Utah Tech’s Garden Club cultivates community and wellness

Utah Tech’s Garden Club, located at the Institute for Continued Learning’s backyard, cultivates not just plants but a community of relaxation and giving. With a motto of “plant, thrive and repeat,” members nourish both the earth and their souls, whether through growing diverse crops or finding peace in yoga sessions in nature. Abigail Byington | Sun News Daily

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Birds chirping, the smell of fresh vegetables and engaging activities are what you will find at Utah Tech University’s Garden Club.

With the club motto of “plant, thrive and repeat,” club members join to learn more about gardening and creating clean growing habits.

Club President Kaelyn Roman, a junior elementary education major from Ely, Nevada, said, “We want this [club] to be a place of happiness and relaxation [while supporting] mental health and mental wellness.”

From herbs to vegetables, this club grows a variety of plants. All food grown is given to club members to eat and enjoy. With a wide selection, eating and using edible plants is easy for club members. Some of the food they have grown include:

  • cilantro
  • basil
  • green onion
  • carrots
  • bell pepper

Tamia Rainey, a senior art major from Las Vegas, said: “The easier plants [to grow] would be chives. It’s been an interesting thing. Right now it’s slow growing, but you just have to get patient with planting food and any other type of plant.”

Roman said, “We eat it [the food] a lot of the time… I want to get in touch with food shelters to feed and give back to the community and give back that way.”

April is National Gardening Month. Club meetings not only involve getting hands dirty and learning about gardening; attending the club comes with creating memories.

One future goal Roman has before leaving Utah Tech is to help the community and campus. Some ideas in mind are to help with access to fresh food and to spread awareness about healthy growing habits.

A goal Roman had this semester was to get the club better known around campus. One way they have done this was by partnering with the Utah Tech Trailblazer Activities Team to have a yoga night and make fairy gardens on March 21.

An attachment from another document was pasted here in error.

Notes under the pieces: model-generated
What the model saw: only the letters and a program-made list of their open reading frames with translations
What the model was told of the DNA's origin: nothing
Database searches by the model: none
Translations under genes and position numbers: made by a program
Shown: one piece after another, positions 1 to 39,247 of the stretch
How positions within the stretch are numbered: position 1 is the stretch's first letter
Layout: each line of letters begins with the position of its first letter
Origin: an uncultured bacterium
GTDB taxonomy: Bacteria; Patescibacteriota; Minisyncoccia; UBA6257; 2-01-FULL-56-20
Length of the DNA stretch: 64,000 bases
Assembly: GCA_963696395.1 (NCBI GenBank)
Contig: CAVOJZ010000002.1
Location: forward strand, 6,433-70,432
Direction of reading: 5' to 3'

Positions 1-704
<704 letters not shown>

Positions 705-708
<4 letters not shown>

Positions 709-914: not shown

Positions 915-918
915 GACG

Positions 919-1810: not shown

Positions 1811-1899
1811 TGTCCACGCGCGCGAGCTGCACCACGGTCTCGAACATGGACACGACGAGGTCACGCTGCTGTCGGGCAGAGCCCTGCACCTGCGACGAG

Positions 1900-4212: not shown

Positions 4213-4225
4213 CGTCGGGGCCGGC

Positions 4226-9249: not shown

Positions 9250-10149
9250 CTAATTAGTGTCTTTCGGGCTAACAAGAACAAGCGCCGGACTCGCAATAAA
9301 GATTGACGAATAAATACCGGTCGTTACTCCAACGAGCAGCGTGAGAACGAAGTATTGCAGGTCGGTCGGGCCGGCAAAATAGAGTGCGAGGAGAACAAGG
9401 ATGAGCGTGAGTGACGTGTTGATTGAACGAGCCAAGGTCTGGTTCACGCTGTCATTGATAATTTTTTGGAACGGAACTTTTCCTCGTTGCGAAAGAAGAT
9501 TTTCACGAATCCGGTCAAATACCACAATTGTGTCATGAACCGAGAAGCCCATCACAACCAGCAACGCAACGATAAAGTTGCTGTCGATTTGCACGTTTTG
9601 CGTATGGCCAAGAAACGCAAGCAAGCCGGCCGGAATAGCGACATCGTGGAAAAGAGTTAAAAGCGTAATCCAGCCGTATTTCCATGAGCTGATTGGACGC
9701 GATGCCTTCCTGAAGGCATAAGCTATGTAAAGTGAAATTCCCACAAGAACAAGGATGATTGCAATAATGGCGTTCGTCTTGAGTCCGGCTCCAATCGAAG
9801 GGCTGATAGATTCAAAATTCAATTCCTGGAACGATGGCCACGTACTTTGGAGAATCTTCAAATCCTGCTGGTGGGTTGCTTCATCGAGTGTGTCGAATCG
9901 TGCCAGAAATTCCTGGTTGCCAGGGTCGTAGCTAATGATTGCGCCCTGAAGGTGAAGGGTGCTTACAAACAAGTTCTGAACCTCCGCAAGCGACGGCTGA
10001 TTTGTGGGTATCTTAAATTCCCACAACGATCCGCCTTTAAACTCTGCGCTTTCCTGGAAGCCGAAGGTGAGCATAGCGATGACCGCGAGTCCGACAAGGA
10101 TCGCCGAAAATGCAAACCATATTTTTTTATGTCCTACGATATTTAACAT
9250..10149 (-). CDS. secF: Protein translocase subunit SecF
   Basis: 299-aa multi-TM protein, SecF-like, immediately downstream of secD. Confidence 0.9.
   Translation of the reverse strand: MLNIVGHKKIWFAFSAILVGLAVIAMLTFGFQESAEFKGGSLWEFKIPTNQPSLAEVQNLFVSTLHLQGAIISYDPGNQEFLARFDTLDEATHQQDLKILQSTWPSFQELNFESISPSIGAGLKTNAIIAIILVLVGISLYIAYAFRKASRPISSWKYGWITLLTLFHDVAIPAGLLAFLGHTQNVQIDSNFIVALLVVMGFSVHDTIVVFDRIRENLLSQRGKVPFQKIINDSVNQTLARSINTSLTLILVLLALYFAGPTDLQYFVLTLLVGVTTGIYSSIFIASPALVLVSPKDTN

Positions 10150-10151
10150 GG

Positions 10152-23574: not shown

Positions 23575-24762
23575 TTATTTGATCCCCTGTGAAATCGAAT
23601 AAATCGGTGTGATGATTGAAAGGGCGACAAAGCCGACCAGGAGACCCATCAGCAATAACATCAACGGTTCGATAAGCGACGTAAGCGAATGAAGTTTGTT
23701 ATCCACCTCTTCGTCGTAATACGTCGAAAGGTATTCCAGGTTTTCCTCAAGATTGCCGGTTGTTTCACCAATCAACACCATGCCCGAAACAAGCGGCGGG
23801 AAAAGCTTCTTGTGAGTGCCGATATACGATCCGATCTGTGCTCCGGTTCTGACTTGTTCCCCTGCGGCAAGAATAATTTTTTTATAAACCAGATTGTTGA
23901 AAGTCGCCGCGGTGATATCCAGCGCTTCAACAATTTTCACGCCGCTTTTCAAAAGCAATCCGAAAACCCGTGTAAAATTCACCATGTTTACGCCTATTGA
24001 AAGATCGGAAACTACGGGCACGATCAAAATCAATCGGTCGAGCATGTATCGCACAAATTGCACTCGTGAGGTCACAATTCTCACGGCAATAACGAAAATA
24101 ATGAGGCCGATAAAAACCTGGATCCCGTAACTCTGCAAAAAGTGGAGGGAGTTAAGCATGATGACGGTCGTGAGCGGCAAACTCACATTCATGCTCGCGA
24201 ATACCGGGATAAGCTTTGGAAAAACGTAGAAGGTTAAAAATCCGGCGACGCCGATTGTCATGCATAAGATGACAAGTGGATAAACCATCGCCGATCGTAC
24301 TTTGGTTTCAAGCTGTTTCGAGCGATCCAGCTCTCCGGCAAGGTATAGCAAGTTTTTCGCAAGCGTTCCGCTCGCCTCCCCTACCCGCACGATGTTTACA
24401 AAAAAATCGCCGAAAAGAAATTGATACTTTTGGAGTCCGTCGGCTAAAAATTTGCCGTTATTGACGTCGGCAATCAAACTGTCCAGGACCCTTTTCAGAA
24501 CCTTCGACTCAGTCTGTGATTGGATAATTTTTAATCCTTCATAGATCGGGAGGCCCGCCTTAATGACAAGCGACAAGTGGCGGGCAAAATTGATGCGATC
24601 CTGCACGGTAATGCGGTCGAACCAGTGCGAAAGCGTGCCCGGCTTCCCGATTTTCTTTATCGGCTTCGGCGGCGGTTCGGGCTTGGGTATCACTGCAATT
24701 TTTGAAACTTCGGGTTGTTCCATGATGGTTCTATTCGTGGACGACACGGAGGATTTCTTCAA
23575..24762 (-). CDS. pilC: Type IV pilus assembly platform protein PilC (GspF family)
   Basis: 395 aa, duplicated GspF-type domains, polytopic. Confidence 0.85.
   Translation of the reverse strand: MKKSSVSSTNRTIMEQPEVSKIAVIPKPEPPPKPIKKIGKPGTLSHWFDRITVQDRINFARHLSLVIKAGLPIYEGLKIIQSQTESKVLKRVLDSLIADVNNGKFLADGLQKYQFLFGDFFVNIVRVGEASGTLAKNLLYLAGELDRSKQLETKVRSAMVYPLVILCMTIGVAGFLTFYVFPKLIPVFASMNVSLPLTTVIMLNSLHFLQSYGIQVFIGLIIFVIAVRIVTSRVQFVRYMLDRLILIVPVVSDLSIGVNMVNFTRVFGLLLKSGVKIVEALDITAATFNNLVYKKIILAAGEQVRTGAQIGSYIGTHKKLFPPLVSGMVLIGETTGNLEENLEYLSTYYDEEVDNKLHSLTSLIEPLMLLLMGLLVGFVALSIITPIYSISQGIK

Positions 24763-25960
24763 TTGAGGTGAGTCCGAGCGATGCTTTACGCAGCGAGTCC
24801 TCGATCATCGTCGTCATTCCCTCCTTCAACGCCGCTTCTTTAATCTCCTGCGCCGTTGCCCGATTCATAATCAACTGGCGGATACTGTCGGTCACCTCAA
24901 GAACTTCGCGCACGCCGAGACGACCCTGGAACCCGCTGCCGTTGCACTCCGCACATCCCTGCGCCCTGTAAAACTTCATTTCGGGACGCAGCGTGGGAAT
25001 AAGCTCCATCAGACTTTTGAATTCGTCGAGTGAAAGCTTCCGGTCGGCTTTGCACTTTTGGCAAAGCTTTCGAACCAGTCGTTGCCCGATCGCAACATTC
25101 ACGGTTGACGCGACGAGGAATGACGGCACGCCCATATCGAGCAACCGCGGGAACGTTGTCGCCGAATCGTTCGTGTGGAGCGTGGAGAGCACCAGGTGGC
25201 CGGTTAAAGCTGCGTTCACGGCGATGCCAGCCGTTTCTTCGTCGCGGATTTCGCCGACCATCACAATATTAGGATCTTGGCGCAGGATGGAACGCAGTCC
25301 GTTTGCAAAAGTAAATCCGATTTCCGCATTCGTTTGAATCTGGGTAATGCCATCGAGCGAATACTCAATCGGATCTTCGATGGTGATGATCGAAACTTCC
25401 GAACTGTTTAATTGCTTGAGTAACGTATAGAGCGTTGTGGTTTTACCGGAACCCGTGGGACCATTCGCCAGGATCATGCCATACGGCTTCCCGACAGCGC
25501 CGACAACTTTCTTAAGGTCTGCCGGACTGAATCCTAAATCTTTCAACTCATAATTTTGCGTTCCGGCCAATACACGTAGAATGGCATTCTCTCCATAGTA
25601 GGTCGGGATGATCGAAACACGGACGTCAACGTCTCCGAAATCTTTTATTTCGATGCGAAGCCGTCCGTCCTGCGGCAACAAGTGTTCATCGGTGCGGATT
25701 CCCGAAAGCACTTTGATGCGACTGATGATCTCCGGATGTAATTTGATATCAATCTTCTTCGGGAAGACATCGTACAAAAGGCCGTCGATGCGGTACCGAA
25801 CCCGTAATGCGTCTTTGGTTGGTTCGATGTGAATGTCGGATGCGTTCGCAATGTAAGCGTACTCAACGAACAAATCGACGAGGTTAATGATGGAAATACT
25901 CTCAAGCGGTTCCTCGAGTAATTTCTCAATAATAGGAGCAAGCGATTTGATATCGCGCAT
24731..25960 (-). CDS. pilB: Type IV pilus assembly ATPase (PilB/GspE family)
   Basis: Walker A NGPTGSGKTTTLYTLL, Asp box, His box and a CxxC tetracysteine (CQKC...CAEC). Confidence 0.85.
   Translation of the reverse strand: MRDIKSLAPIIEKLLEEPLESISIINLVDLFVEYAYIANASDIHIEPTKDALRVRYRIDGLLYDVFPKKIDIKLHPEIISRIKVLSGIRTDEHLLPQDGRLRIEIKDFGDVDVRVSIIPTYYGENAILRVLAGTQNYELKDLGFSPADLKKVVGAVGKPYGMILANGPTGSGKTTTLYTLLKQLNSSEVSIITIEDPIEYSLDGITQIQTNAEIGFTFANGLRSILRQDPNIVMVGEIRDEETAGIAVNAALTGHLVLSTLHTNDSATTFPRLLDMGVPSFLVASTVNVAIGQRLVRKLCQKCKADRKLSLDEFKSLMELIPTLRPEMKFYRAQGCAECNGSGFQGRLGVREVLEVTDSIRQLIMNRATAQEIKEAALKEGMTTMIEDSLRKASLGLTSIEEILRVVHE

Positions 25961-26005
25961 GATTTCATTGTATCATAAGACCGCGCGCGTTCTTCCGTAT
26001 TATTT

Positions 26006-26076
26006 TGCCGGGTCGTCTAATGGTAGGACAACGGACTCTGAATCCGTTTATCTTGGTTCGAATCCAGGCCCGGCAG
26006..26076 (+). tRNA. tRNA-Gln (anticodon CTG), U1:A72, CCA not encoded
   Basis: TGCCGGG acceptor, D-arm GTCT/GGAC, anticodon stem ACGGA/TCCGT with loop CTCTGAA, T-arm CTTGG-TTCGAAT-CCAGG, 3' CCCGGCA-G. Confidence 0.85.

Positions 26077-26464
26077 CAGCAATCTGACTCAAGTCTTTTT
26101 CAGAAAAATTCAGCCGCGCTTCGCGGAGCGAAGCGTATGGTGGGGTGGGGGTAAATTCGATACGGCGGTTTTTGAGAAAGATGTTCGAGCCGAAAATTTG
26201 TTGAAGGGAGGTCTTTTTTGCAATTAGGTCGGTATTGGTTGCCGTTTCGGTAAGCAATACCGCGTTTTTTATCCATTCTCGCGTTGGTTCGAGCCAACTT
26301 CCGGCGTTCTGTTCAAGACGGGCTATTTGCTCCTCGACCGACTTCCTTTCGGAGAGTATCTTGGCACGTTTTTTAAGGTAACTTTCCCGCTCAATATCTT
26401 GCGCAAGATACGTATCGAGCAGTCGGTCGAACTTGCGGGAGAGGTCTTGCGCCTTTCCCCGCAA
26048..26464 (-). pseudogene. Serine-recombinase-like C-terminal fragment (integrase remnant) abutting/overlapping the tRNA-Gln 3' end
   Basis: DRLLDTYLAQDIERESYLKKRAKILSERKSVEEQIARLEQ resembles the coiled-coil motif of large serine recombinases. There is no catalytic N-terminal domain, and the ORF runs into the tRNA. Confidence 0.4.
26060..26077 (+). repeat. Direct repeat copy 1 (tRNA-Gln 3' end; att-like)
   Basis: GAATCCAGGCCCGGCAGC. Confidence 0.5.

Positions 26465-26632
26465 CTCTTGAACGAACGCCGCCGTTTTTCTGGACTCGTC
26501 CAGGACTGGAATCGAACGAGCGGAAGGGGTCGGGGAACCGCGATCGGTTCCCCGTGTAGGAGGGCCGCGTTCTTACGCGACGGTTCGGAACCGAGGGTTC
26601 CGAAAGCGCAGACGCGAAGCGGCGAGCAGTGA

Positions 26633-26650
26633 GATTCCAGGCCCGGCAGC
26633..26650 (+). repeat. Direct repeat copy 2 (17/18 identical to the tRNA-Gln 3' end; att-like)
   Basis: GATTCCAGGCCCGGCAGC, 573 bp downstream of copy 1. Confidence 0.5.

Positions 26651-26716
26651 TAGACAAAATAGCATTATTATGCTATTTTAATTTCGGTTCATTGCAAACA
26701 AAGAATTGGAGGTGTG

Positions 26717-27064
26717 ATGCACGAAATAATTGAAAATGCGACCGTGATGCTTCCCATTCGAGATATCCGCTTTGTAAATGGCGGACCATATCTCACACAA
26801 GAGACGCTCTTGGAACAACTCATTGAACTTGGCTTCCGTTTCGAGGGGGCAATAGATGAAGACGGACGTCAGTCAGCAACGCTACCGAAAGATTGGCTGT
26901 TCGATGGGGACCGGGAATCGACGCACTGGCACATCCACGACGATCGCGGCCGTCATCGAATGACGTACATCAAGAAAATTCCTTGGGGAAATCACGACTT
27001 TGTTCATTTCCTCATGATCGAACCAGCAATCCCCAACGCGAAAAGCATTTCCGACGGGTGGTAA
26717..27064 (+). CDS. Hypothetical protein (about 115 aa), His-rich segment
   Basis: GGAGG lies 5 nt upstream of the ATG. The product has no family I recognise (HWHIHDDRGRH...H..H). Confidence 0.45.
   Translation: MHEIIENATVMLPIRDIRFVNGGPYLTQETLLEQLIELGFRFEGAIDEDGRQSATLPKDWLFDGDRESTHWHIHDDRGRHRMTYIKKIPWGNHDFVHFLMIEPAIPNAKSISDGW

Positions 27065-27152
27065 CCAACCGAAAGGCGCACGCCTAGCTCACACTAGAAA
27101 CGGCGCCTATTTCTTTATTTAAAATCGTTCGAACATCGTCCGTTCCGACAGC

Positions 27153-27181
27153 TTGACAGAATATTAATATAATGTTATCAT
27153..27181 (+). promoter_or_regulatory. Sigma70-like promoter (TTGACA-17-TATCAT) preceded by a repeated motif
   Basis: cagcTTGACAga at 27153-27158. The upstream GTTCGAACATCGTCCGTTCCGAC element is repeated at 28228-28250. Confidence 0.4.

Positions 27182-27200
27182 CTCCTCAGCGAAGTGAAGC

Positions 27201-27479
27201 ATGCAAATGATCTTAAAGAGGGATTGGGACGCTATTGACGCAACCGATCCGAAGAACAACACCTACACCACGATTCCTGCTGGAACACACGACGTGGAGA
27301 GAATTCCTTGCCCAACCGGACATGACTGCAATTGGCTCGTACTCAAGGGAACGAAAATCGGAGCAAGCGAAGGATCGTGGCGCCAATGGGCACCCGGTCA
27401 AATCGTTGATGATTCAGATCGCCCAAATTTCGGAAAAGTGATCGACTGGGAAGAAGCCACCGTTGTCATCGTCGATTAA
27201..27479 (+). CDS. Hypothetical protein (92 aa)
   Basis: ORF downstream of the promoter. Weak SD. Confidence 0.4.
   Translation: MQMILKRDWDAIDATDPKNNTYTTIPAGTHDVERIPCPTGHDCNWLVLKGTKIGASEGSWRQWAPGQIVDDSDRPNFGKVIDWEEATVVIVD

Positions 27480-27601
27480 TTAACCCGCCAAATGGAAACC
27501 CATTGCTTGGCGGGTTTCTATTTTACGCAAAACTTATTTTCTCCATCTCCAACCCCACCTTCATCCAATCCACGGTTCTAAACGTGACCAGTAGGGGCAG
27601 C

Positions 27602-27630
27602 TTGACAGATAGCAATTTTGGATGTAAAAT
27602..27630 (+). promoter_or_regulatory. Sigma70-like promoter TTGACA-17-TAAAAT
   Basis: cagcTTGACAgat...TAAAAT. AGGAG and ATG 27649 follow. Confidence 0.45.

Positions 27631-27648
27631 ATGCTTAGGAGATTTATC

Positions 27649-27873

One of the popular and reoccurring activities is yoga. This may seem like a strange activity for a gardening club to do, but it is very beneficial and relaxing to do yoga outside. A study published in The Journal of Holistic Nursing found that practicing yoga outside led to decreased tension, anger and depression.

Amy Gloeckner, a junior media studies major from Caliente, Nevada, teaches yoga for the club. She said, “It’s a very grounding experience [doing yoga outside].”

Roman said, “We wanted to do yoga [nights] for the smoothing and calming aspect.”

The ambiance of the weekly yoga nights brings a stress-free environment to the club. Enclosed in a backyard of plants, trees and animals, the yoga nights have been a popular activity among club members.

The Garden Club has upcoming service opportunities. The club will partner with the St. George Children’s Museum to teach children the importance of gardening. They will also be working with Circles to teach children the importance of eating healthy. Both events will be April 20.

The club is located in the backyard of the Institute for Continued Learning. Club meetings are on Thursdays at 5 p.m.

Rainey said: “My first year coming to this school, I was really excited there was actually a garden club. I’ve always wanted to garden and kind of try to do it on my own, but it was a struggle. Having a group made it feel a bit more easier.”